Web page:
The beta Facebook at Work platform has now launched as "Facebook Workplace." Most of the early reviews seem to laud the platform mostly for....looking like Facebook. We'll have a lot to say in the coming weeks on where the platform does and doesn't actually make employees more effective, but for now I'll argue that your biggest challenge with this offering will not be the technology. The biggest risk is the vendor.
Shades of Google
In a conversation earlier today with fellow RSG analyst and social-tech guru Kashyap Kompella we mused about how Facebook's first (and only) foray into the enterprise space reminds us of Google's attempts to lure enterprise customers over the past decade. What lessons can customers learn?
Let's review a few Google-in-the-enterprise milestones:
- Declaring (in 2006) that its enterprise search appliance represented "the future" — the appliance is now defunct
- Chasing various various Waves
- Assuming that a public-facing social network (G+) could be tweaked successfully for business (didn't work)
- Reverting primarily to GMail as the basis for its various collaboration suite attempts
- After a decade of trying, still approaching the enterprise segment with almost disdainful neglect
Google does some things well (again: GMail). But for enterprise customers — particularly larger organizations — it begs the question: can a vendor with no enterprise experience and the distraction of a huge consumer income stream adequately support business customers?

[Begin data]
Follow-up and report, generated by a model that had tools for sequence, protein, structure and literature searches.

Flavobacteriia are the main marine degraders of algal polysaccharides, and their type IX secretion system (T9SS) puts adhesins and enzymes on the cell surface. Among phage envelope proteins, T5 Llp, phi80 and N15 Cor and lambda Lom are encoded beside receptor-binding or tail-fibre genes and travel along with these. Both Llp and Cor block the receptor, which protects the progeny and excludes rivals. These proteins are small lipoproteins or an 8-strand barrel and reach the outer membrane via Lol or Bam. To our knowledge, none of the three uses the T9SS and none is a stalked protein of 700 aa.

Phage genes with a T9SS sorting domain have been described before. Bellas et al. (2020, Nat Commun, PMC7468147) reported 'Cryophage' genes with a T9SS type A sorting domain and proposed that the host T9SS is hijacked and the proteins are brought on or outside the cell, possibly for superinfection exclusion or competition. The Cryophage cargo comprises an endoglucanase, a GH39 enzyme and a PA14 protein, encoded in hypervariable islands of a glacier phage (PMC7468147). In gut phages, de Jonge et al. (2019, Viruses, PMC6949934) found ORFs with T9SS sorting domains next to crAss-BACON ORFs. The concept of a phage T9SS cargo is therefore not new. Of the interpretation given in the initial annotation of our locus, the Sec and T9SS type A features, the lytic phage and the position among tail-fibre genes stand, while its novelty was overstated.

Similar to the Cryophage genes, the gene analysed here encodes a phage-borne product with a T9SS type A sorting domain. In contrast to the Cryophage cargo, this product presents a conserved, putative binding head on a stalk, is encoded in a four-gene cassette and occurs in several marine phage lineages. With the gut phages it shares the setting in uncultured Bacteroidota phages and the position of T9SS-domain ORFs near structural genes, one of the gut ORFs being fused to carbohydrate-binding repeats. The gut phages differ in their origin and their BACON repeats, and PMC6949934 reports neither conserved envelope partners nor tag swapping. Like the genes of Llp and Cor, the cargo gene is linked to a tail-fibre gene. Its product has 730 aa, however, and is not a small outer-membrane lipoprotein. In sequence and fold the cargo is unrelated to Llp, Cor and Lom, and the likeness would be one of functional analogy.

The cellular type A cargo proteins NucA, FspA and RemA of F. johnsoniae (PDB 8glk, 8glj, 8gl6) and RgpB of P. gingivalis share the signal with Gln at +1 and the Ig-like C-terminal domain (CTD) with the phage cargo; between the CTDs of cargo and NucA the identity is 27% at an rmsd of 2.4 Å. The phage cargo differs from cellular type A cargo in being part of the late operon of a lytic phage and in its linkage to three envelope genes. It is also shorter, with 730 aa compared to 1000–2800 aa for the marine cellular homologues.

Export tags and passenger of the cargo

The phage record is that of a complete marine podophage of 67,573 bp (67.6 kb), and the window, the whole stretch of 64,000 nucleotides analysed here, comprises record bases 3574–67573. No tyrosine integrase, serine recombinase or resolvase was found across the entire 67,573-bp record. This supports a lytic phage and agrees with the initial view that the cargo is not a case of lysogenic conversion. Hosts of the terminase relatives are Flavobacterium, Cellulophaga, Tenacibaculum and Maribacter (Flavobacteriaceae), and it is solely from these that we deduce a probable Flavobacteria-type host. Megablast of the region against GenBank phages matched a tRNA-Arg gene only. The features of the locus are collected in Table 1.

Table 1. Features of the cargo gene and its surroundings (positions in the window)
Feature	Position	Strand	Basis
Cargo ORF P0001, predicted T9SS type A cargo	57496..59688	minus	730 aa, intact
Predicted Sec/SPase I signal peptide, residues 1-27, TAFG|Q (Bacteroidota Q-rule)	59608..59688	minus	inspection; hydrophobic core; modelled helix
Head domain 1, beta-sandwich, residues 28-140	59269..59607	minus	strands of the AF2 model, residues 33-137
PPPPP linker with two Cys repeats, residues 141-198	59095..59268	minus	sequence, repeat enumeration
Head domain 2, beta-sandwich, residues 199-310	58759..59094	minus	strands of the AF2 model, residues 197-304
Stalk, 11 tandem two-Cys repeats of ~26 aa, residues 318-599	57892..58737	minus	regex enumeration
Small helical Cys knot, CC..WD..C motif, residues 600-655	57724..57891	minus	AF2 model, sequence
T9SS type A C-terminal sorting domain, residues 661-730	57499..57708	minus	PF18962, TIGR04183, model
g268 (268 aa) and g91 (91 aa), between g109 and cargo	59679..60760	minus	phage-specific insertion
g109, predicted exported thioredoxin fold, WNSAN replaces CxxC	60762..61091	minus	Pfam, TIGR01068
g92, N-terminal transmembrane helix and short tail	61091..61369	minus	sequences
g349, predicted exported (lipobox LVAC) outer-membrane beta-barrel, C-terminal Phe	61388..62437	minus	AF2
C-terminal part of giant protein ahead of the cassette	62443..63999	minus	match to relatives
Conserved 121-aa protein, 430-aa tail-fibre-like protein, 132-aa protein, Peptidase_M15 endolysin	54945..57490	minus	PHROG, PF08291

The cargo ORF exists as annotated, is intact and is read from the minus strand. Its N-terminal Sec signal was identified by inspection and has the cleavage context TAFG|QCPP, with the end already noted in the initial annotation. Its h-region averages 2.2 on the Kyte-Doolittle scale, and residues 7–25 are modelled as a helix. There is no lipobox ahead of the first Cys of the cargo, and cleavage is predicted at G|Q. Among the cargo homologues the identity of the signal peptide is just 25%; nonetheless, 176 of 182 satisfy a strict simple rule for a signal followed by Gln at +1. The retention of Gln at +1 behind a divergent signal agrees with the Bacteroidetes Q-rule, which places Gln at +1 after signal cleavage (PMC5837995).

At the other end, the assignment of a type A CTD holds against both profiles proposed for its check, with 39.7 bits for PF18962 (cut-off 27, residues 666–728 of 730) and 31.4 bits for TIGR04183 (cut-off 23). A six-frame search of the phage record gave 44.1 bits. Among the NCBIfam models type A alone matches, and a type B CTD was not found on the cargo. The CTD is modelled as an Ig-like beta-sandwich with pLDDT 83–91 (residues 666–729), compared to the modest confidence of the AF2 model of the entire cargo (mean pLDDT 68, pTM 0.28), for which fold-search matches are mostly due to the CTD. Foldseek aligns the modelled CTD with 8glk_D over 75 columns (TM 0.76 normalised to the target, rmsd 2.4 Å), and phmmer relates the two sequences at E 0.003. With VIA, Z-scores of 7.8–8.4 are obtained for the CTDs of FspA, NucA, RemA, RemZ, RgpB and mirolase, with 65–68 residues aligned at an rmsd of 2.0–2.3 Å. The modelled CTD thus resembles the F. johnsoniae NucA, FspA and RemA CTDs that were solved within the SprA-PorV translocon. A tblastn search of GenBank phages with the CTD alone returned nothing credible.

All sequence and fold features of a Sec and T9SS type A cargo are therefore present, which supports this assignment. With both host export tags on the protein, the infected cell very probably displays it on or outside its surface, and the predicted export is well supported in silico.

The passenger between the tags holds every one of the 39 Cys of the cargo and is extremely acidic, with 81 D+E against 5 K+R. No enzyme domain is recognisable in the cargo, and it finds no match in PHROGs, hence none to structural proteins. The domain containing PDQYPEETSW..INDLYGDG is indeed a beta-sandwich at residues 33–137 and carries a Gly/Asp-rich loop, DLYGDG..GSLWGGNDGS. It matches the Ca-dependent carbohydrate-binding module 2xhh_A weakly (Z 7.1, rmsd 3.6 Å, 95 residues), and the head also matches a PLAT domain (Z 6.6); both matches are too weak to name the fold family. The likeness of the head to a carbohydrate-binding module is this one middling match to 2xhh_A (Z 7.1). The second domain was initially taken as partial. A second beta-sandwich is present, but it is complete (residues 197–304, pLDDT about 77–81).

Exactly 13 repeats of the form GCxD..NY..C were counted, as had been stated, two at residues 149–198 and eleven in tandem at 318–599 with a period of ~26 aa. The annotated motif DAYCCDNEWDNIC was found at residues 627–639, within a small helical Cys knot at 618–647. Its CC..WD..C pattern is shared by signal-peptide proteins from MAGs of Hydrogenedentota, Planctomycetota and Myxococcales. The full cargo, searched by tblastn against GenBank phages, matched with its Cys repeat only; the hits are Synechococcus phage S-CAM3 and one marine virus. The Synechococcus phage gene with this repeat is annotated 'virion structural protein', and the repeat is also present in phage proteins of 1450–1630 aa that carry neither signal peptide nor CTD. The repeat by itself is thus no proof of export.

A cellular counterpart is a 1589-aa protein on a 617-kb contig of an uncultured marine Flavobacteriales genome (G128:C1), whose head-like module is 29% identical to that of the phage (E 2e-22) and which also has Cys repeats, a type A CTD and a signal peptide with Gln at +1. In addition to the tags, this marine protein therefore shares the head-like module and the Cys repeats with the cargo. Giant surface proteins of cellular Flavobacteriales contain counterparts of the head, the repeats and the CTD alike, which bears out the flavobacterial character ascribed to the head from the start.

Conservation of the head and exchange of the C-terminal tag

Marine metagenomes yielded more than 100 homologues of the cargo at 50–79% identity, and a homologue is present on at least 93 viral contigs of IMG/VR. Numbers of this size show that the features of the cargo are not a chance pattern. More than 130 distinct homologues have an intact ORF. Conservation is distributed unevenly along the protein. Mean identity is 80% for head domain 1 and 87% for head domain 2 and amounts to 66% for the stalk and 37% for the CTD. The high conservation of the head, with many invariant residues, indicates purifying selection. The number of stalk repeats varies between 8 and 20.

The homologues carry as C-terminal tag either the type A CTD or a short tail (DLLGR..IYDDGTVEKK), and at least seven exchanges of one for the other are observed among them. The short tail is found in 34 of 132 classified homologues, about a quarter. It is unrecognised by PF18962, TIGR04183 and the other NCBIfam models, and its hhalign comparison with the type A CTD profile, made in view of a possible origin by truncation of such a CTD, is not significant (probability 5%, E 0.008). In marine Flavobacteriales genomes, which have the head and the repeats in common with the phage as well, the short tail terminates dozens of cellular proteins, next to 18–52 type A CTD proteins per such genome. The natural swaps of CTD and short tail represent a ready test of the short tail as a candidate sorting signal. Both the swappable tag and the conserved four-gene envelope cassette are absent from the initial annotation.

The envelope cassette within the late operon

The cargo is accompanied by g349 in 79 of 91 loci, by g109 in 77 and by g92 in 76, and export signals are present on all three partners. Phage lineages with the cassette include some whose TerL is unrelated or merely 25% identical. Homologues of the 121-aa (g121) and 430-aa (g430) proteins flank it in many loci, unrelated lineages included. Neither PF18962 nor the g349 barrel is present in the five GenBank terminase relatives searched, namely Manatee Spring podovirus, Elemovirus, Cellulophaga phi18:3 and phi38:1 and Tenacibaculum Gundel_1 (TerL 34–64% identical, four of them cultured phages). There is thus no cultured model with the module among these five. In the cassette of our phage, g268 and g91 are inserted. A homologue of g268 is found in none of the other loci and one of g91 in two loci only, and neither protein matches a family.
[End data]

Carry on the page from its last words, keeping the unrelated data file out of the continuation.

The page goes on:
Could Facebook Be Different?
Sure, Facebook could prove different. Here's how:
- They could build an enterprise-friendly channel network who could actually customize the platform for client needs
- They could fund the development of a wide range of connectors to other enterprise and cloud systems
- They could support local user groups and in-person confabs so customers and partners could learn from each other
- They could offer solid, comprehensive SLAs, especially for large enterprises
- They could develop an employee-focused roadmap that might significantly differ from the consumer Facebook edition
- They could refactor the platform to allow integrators and other vendors to develop useful plug-ins and adaptors
- They could align with major IaaS platforms (AWS, Azure, etc.) so that I can more readily integrate with custom workplace applications migrating to those environments
- And so on...
What are the chances Facebook will actually do most of these? I'll watch and keep an open mind.
Advice for You the Customer
As a customer, remember that strategic intangibles are just as important as functional fit. You might love Facebook the interface; make sure you're just as comfortable with Facebook the company. The stakes are high here, because we're talking about acclimating most or all your colleagues to a new enterprise hub. Awash in consumer revenue, Google can (and did) kill an enterprise offering with no apparent effect on its bottom line. How different is Facebook?